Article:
Bengaluru, December 5: An estimated 62.18 per cent average voting was registered in the crucial by-elections on Thursday to 15 Karnataka Assembly constituencies, whose results will have a key bearing on the state's political future. "The average voting for all the 15 Assembly seats after polling ended at 6 p.m. is an estimated 62.18 per cent, with heavy turnout (over 75 per cent) in 8 rural segments and below 50 per cent in 4 Bengaluru seats," poll official G. Jadiyappa told IANS here.
The final percentage is likely to go up marginally, as voters were still in queues after the gates of the polling stations were shut at 6 p.m., he added. A record 86.40 per cent was registered in Chikkaballapur, a rural constituency, about 60km east of Bengaluru. Congress defector K. Sudhakar is the ruling BJP's candidate in this prestigious seat. K.R. Pete in Mandya district recorded a whopping 80 per cent. BJP fielded K.C. Narayana Gowda, a Janata Dal-Secular (JD-S) defector from this rural segment. Karnataka Bypolls 2019: Section 144 From December 3-6, Announces Bengaluru Police, Dry Days Likely to be Observed.
Similarly, Yellapur in Uttar Kannada district registered 77.52 per cent. The BJP fielded Congress defector Shivaram Hebbar from this rural constituency. Hoskote in Bengaluru Rural district registered an estimated 76.19 per cent. The ruling BJP fielded Congress defector M.T.B. Nagaraj, who declared a whopping Rs 1,223 crore worth of assets in his nomination affidavit.
Athani in Belagavi district in the state's northwest region, recorded 75.23 per cent, where Congress defector Mahesh Kumatahalli contested on a BJP ticket. Likewise, Hunasuru in Mysuru district registered 74.47 per cent. The BJP fielded JD-S defector A.H. Vishwanath from this rural seat. Gokak in Belagavi district has registered 73.08 per cent. Congress defector Ramesh Jarkiholi contested on the BJP ticket in this high-profile seat.
Hirekerur in Belagavi district recorded 72.42 per cent. The BJP fielded Congress defector B.C. Patil from this rural segment. As in the past, the four assembly segments in Bengaluru registered below 50 per cent, with the lowest - 37.50 per cent in K.R. Pura in the city's eastern suburb. Congress defector Byrathi Basavaraj is the BJP candidate from this urban seat.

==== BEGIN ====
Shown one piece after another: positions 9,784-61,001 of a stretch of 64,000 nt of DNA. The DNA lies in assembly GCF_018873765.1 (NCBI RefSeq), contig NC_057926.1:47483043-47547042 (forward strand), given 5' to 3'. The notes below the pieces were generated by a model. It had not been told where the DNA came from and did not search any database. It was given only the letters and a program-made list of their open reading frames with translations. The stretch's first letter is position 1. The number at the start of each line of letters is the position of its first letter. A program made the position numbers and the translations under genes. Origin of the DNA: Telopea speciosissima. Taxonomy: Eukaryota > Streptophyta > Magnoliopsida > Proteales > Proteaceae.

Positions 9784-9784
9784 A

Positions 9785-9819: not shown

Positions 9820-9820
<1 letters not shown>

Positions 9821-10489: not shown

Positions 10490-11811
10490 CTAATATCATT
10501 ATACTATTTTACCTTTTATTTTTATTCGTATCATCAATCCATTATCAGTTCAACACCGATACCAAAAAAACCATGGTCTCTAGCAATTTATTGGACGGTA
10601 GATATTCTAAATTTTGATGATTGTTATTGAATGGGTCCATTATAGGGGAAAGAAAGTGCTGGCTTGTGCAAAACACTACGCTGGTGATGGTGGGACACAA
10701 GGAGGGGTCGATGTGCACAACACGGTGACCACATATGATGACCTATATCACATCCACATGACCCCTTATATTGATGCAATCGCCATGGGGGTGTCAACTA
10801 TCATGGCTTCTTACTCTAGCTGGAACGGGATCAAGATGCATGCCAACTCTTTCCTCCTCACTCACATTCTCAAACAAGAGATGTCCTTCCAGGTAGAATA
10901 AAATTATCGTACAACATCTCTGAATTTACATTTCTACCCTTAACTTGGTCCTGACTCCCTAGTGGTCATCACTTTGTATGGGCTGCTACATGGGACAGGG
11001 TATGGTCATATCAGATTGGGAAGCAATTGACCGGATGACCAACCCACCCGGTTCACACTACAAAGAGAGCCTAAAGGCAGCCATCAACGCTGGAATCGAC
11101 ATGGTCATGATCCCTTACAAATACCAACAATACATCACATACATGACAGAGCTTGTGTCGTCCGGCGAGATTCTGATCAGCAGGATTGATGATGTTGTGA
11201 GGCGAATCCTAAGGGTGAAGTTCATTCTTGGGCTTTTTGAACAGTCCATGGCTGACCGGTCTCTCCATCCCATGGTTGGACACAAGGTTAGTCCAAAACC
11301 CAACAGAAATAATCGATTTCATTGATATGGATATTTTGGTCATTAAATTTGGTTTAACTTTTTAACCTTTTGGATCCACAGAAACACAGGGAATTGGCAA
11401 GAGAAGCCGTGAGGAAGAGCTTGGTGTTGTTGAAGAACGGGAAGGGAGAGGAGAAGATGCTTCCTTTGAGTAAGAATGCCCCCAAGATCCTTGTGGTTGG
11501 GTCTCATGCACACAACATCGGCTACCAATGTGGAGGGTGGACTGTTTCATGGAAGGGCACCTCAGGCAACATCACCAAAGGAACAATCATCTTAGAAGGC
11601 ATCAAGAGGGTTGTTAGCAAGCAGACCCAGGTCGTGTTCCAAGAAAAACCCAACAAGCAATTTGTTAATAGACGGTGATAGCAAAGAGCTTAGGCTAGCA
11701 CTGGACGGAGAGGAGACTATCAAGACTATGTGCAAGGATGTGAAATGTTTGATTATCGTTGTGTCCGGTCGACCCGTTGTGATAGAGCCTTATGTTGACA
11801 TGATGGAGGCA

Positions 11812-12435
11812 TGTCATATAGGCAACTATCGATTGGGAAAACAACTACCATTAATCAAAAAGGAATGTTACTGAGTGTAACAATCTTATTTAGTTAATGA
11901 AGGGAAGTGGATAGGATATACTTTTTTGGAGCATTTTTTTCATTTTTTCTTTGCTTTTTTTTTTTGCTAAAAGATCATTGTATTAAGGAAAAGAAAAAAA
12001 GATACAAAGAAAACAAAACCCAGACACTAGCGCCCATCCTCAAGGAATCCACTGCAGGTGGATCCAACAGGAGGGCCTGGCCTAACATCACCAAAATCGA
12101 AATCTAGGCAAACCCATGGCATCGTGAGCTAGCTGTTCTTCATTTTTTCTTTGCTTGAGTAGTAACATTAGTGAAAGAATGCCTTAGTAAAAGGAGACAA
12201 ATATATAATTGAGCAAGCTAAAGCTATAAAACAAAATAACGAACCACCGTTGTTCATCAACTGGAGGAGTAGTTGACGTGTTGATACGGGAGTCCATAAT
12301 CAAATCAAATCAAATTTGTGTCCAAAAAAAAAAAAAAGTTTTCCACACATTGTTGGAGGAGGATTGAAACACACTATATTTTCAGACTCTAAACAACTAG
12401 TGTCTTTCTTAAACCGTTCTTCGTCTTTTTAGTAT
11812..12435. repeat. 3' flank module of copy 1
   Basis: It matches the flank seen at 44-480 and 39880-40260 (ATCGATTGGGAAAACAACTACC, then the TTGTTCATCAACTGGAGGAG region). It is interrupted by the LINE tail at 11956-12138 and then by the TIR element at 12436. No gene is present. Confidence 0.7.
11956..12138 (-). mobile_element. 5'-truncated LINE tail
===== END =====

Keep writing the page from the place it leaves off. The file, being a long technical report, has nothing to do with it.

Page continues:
Similarly, Mahalakshmi Layout in the city's northwest, had a low turnout of 40.47 per cent. The BJP fielded JD-S defector K. Gopalaiah. Shivajinagar in the heart of Bengaluru also witnessed a low turnout of 41.13 per cent. The BJP fielded its former corporator M. Saravana from this high-profile urban segment. Yeshwanthapura in the city's north, however, had a modest turnout of 48.34 per cent. Congress defector S.T. Somashekar is the BJP's candidate in this urban seat.
Voting percentage in other three assembly segments are Kagwad 69.76, Ranibennur 67.92 and Vijayanagara 58.93. Barring glitches in the EVMs and voters names missing in the electoral list in some polling stations, voting was peaceful amid tight security. There were also reports of voters boycotting the polls in some areas over various issues. The 15 constituencies had nearly 38 lakh eligible voters - 19.25 lakh men and 18.52 lakh women.
As many as 165 candidates, including 126 Independents and 9 women are in the fray in the 15 Assembly seats, necessitated by the resignation - and subsequent disqualification - of 14 Congress and three Janata Dal-Secular rebel MLAs which led to the collapse of the then H.D. Kumaraswamy-led Congress-JD-S coalition government. However, bypolls are only being held in 15 seats, since there is ongoing litigation in the Karnataka High Court over the results of two seats -- Muski (Raichur district) and R.R. Nagar (Bengaluru) in the May 2018 Assembly elections.
The BJP and the opposition Congress contested in all the 15 Assembly seats, while the JD-S only in 12 seats. The vote count is on December 9. The outcome of the bye-elections will decide the survival and continuation of the four-month-old BJP government in the southern state. The ruling BJP, which has 105 members, including one independent but excluding the Speaker, needs to win seven more seats to have a majority in the 225-member Assembly, whose current strength is 223. The Congress has 66 members, the JD-S 34 and the Bahujan Samaj Party (BSP) one.